As I mentioned last time, it’s been a hard season for forest babies: no eaglet, no owlet, no bushtit-lets. After realizing this wouldn’t be the year for any of them, it took a while to recalibrate my attention toward the less conspicuous developments of spring nesting, those subtle clues to smaller dramas. On closer inspection, the Black-capped Chickadee hopping through the hawthornes turned out to be gleaning nutritious protein for its children, hidden somewhere in nearby shrubbery but peeping insistently for their forthcoming meal.
A few days later, as I walked along the beach, I noticed a Gray Squirrel at the edge of the forest, gathering flowers for a midday munch. Although I first thought they were dandelions, they’re more likely Common Catsear, whose milky sap is reported to contain lots of nutrients—and when I looked more closely with my binoculars, I saw that the squirrel was a lactating mother who surely needed that nutrition. I imagined a flock of squirrel babies back in the grass, peering through the green curtain as Mom worked her way along the tangled bank.
The slight shift of shadow under a leaf suggested someone hiding beneath:
Then one afternoon, as I was in the central part of the forest watching the chickadees and song sparrows, the faint but persistent bleating sound ongoing in the background finally caught my attention. I followed it, threading my way through a thin forest trail—and look what I’d been missing all this time!
Pileated Woodpeckers, our largest woodpeckers, had built a nest and raised young almost to the point of fledging without my observing them. Early in the summer I’d noticed an adult Pileated Woodpecker working this well-excavated snag, and briefly checked it out another time or two, but I didn’t follow up; I figured it was just too rotten to make a good nest and that the woodpecker was using it for its bug banquet.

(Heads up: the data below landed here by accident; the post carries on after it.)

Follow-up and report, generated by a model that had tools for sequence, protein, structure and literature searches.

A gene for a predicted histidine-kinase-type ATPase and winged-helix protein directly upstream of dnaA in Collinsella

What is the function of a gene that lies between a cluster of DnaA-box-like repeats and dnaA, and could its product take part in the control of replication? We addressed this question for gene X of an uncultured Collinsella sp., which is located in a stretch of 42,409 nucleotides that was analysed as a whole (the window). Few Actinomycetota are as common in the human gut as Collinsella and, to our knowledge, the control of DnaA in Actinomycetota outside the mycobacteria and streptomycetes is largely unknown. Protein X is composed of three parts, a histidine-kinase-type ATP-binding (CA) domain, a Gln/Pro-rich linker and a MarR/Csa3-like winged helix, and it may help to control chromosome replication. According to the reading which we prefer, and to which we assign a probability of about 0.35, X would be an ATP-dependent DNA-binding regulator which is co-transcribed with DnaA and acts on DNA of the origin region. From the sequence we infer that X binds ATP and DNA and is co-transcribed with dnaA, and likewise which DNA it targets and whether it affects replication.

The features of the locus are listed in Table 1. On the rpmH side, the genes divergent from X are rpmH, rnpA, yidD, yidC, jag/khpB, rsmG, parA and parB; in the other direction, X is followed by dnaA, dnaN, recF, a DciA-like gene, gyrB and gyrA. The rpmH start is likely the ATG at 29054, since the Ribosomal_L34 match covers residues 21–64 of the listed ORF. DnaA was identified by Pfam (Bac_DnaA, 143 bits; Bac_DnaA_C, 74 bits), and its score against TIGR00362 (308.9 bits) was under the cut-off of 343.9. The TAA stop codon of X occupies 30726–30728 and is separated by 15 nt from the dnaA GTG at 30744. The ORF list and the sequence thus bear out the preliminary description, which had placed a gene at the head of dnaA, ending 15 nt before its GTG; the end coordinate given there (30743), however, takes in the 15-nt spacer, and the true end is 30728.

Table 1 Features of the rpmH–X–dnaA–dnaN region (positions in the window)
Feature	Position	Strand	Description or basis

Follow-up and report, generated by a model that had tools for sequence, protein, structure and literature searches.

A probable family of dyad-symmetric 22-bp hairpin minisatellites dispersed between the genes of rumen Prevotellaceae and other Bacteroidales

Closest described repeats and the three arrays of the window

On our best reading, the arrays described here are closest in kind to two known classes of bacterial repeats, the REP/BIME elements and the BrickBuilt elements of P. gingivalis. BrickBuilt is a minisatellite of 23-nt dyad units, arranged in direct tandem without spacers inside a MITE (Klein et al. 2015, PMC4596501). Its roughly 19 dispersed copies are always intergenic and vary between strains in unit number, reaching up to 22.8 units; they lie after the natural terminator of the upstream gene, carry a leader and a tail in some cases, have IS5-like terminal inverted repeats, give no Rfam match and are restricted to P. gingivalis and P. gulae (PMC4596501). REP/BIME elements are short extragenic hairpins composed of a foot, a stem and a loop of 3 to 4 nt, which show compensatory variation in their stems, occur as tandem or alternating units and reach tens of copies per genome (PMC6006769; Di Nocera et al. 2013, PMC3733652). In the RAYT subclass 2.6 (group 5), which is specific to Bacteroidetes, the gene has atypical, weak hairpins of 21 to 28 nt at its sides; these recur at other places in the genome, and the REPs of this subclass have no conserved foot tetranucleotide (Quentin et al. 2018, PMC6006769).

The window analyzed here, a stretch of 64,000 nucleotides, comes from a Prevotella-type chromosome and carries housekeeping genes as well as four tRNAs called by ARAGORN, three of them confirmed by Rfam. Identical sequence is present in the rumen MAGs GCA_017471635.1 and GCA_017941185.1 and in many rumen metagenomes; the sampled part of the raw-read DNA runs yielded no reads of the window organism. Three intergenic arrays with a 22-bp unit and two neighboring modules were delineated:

Now it was back to the nest snag every chance I got! I was fortunate that my friend, noted photographer and author Paul Bannick, could join me on several occasions at the nest, sharing his remarkable knowledge of woodpeckers’ lives.
(Although those photos both show the father woodpecker [note his red malar patch], the mother also feeds them.)
I hadn’t caught their whole childhood, but I knew it wouldn’t be long until the girls fledged. I could hear them tapping in the nest hole, practicing the skills of finding and extracting the ants and beetle larvae that make up most of their diet. One at a time, switching places every few minutes, the girls would “hang four” on the nest hole (two toes per foot on the hole’s lip, two toes behind as the anchor), leaning out to examine this huge new world. Which has flying bugs, imagine that!
Five days after I discovered the nest, I arrived midmorning to find it empty. Paul had said the young would be likely to fledge near dawn so they’d have the whole day to practice getting around the forest before it got too dark to fly. I knew I should get up and be at the nest before dawn to catch that first flight—and dear Gentle Reader, surely I would have, had sunrise come at some reasonable hour rather than 4:11 am—but I slept in and missed it.
What must it have been like, that first flight, for a girl who’d never even been able to fully stretch her wings out before then? This particular nest hole wasn’t that far up, maybe 8′, but this couple’s past nests were 20′ or higher in nearby trees. It’s pretty important that young woodpeckers get it right the first time. My fellow nature blogger Larry Hubbell, in his marvelous Union Bay Watch website, documented another young Pileated’s first scramble out of her Seattle-area nest: rather than winging it straight from the nest hole, she edged her way out, clinging to the bark for a while before taking that inaugural flight.
Now that the sisters are out of the nest, they’ll stay with their parents for a few weeks as they learn their way around the park, getting shown the juicy decaying trees, learning aerial navigation.
The nest hole won’t stay empty long. Because Pileated Woodpecker nest holes are so large, they provide homes for cavity nesters too big to fit in other holes: owls, ducks, even fishers and martens in other areas. I’m looking forward to seeing who moves in next.
In the meantime, the forest is still filled with smaller wonders. And, really—aren’t those enough?